The bacterium grows best at 35-37oC and has an optimal pH of 7.6.
Haemophilus influenzae is generally grown in the laboratory under aerobic conditions or under slight CO2 tension (5% CO2), although it is capable of glycolytic growth and of respiratory growth using nitrate as a final electron acceptor.
In 1995, Haemophilus influenzae was the first free-living organism to have its entire chromosome sequenced, sneaking in just ahead of Escherichia coli in that race, mainly because its genome is smaller in size than E. coli. For a relatively obscure bacterium, there was already a good understanding of its genetic processes, especially transformation.
Figure 2. A map of the circular chromosome of Haemophilus influenzae illustrating the location of known genes and predicted coding regions.
Observations of genetic transformation in Haemophilus have included drug resistance and synthesis of specific capsular antigens. The latter is thought to be the main determinant of type b H. influenzae.
Transformation in Haemophilus influenzae occurs by several different mechanisms and is more efficient than in enteric bacteria. When developing competence, the bacterium develops membranous “blebs” in the outer membrane that contain a specific DNA-binding protein.
This outer membrane protein recognizes a specific 11-base pair sequence of DNA nucleotides that appears in Haemophilus DNA with much higher frequency than in other genera of bacteria. There is some evidence that Haemophilus is able to undergo both interspecies and intraspecies transformation in vivo (in host tissues).
The restriction endonucleases from Haemophilus, e.g. Hind III, are widely used in biotechnology and in the analysis and cloning of DNA.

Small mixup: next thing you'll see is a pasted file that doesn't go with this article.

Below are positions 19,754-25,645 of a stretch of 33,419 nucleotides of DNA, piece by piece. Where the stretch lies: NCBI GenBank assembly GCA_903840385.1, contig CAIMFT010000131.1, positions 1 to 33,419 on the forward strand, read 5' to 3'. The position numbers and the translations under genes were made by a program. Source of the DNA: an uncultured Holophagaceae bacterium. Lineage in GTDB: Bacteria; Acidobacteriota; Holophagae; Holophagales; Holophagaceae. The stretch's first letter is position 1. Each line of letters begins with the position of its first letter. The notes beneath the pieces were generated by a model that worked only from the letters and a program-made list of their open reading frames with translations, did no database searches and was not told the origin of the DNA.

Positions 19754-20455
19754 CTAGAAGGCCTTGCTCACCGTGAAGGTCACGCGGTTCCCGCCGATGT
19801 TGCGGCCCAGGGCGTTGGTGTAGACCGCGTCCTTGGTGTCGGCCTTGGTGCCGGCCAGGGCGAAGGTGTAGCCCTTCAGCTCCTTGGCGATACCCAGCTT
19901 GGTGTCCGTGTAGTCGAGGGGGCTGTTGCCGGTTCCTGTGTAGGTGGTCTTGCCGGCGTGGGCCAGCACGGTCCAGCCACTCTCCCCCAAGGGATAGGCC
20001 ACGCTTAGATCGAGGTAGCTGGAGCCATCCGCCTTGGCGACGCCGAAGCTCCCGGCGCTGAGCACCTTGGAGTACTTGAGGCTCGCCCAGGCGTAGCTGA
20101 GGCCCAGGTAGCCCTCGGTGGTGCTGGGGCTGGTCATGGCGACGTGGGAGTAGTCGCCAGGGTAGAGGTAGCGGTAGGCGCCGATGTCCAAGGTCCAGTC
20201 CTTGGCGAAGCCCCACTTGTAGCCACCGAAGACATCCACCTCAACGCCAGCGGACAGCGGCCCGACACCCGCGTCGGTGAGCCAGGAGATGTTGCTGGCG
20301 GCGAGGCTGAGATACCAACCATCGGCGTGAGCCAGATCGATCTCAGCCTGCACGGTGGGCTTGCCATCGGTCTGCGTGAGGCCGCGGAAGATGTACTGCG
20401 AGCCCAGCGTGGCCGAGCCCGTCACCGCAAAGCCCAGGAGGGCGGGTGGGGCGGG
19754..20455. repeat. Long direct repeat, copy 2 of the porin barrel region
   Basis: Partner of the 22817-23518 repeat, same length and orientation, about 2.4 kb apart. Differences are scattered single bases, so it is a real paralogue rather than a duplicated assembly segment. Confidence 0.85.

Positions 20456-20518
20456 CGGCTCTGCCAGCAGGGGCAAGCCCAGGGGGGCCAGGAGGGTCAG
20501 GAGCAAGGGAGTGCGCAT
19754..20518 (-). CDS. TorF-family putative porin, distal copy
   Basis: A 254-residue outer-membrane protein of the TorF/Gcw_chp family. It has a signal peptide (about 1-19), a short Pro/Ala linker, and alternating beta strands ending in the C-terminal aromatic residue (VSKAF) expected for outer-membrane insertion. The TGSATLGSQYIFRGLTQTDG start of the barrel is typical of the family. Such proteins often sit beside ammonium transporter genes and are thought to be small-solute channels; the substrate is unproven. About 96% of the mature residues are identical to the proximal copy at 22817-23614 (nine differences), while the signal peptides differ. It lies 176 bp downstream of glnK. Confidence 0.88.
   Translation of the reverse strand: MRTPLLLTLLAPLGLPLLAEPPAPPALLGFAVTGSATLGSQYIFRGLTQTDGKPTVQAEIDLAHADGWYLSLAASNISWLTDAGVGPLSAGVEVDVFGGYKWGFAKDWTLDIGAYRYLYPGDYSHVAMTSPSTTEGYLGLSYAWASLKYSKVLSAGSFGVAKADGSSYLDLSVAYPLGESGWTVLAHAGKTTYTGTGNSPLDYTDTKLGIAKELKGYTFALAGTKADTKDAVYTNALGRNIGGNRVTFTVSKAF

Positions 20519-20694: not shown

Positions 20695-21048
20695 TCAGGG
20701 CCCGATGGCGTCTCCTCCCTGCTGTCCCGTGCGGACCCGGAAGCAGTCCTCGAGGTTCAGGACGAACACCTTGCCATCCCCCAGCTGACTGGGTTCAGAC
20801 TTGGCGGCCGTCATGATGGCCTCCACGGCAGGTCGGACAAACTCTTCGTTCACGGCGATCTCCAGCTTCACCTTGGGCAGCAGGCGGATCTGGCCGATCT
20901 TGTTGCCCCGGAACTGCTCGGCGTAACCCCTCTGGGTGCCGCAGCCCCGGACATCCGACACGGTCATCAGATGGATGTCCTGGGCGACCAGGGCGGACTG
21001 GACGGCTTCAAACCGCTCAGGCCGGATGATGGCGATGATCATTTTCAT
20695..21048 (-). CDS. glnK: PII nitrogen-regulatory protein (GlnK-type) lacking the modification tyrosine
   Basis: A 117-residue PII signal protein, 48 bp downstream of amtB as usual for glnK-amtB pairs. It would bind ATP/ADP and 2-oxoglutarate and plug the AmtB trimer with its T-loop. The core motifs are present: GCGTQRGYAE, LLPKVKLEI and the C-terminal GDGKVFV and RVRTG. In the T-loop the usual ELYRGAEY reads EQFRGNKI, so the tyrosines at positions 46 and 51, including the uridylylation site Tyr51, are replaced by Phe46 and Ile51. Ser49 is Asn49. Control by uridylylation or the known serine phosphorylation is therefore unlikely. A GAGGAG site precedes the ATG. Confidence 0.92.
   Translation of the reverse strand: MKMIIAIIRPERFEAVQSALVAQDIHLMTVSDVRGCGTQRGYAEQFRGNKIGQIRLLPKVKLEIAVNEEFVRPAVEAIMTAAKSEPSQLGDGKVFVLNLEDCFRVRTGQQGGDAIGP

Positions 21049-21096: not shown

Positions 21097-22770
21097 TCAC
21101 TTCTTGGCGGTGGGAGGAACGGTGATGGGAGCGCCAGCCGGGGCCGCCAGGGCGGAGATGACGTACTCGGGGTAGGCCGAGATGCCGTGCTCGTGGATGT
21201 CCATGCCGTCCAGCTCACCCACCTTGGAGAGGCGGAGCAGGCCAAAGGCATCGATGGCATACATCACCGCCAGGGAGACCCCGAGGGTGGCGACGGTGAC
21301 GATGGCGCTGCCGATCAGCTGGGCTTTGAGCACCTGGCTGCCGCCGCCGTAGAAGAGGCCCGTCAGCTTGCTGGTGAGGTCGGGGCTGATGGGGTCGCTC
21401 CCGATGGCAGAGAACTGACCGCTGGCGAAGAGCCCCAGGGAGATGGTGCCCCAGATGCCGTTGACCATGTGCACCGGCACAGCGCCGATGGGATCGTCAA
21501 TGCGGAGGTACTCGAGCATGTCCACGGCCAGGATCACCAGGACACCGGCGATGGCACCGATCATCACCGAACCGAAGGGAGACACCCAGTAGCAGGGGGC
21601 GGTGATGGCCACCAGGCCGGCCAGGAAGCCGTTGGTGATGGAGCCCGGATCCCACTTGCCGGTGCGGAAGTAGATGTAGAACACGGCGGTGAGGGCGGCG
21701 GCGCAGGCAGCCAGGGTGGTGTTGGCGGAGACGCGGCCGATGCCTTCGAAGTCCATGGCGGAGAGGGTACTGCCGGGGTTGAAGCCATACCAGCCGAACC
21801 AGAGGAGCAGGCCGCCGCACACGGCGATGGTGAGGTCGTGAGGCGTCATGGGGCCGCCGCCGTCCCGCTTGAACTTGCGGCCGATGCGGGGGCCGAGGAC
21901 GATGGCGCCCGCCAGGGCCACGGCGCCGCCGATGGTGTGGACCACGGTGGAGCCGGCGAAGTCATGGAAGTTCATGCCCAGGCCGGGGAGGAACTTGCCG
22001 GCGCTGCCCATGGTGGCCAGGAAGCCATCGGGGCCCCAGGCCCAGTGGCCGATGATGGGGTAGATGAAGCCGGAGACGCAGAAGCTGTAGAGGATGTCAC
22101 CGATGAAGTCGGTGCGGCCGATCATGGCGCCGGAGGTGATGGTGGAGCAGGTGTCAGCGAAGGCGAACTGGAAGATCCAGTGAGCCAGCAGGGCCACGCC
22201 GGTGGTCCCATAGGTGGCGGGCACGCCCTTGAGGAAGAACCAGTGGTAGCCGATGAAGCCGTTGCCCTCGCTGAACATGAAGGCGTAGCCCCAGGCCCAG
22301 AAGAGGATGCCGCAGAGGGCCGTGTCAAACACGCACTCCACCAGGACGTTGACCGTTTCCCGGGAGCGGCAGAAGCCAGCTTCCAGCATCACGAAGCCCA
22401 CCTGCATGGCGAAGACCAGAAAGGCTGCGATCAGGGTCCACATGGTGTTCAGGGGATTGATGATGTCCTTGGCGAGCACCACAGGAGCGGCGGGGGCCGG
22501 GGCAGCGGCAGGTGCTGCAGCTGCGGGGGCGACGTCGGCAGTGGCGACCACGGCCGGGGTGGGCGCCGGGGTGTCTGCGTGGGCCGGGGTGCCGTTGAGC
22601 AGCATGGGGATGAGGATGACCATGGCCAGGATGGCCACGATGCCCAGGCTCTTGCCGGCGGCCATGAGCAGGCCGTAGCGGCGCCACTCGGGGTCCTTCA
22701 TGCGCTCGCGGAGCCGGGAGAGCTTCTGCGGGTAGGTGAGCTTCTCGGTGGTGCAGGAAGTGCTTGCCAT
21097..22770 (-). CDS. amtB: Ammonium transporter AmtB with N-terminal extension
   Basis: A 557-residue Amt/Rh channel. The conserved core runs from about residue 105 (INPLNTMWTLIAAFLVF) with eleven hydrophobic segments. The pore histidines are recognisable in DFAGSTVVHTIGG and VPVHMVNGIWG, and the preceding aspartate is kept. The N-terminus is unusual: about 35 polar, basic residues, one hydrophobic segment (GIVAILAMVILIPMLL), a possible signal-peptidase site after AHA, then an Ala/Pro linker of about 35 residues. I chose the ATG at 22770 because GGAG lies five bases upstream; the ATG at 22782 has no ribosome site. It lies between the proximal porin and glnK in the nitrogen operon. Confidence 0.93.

Hib Disease (Haemophilus Influenzae Type b)
Hib is short for Haemophilus influenzae type b, a type of bacteria. It can cause serious illnesses, some of which can be life-threatening.
Hib infections in the U.S. are rare thanks to the Hib vaccine. In developing nations where the vaccine is less used, though, Hib disease is still a major health concern.
What Are the Signs & Symptoms of Hib Disease?
Symptoms of Hib infection depend on the type of illness it caused. These include:
- Meningitis: This is an infection of the membranes covering the brain and spinal cord. It can cause fever, headache, stiff neck, and vomiting. Very small babies might have seizures, not feed well, or become very cranky or sleepy. This life-threatening disease needs treatment right away.
- Epiglottitis: This severe throat infection can make it hard to swallow or talk. A person might drool and have a very hard time breathing. This too can be life-threatening if not treated right away.
- Pneumonia: This lung infection can cause fever, coughing, and trouble breathing.
- Cellulitis: This skin infection makes an area of skin red, painful, and swollen.
- Arthritis: This joint infection can lead to pain, swelling, and redness in a joint.
- Ear infections: These are a common cause of ear pain.
Sometimes Hib is only found in the bloodstream, where it can travel throughout the body. This is called bacteremia. Children with bacteremia may only have a fever or look very sick.
Bacteremia can lead to any of the above illnesses or to sepsis, a dangerous whole-body response to infection. Sepsis can damage many organs or even cause death if not treated right away.
Despite its name, Hib doesn't cause influenza (the flu). A virus, not bacteria, causes the flu.
What Causes Hib Disease?
Often, Hib bacteria live in a person's nose and throat without causing any problems. But sometimes they spread to other body parts and cause illness.
Someone who has Hib in their nose and throat can also spread it to other people. This can happen when they are sick with Hib illness or even when they have no symptoms at all. It spreads when they sneeze or cough saliva (spit) their mouth or nose.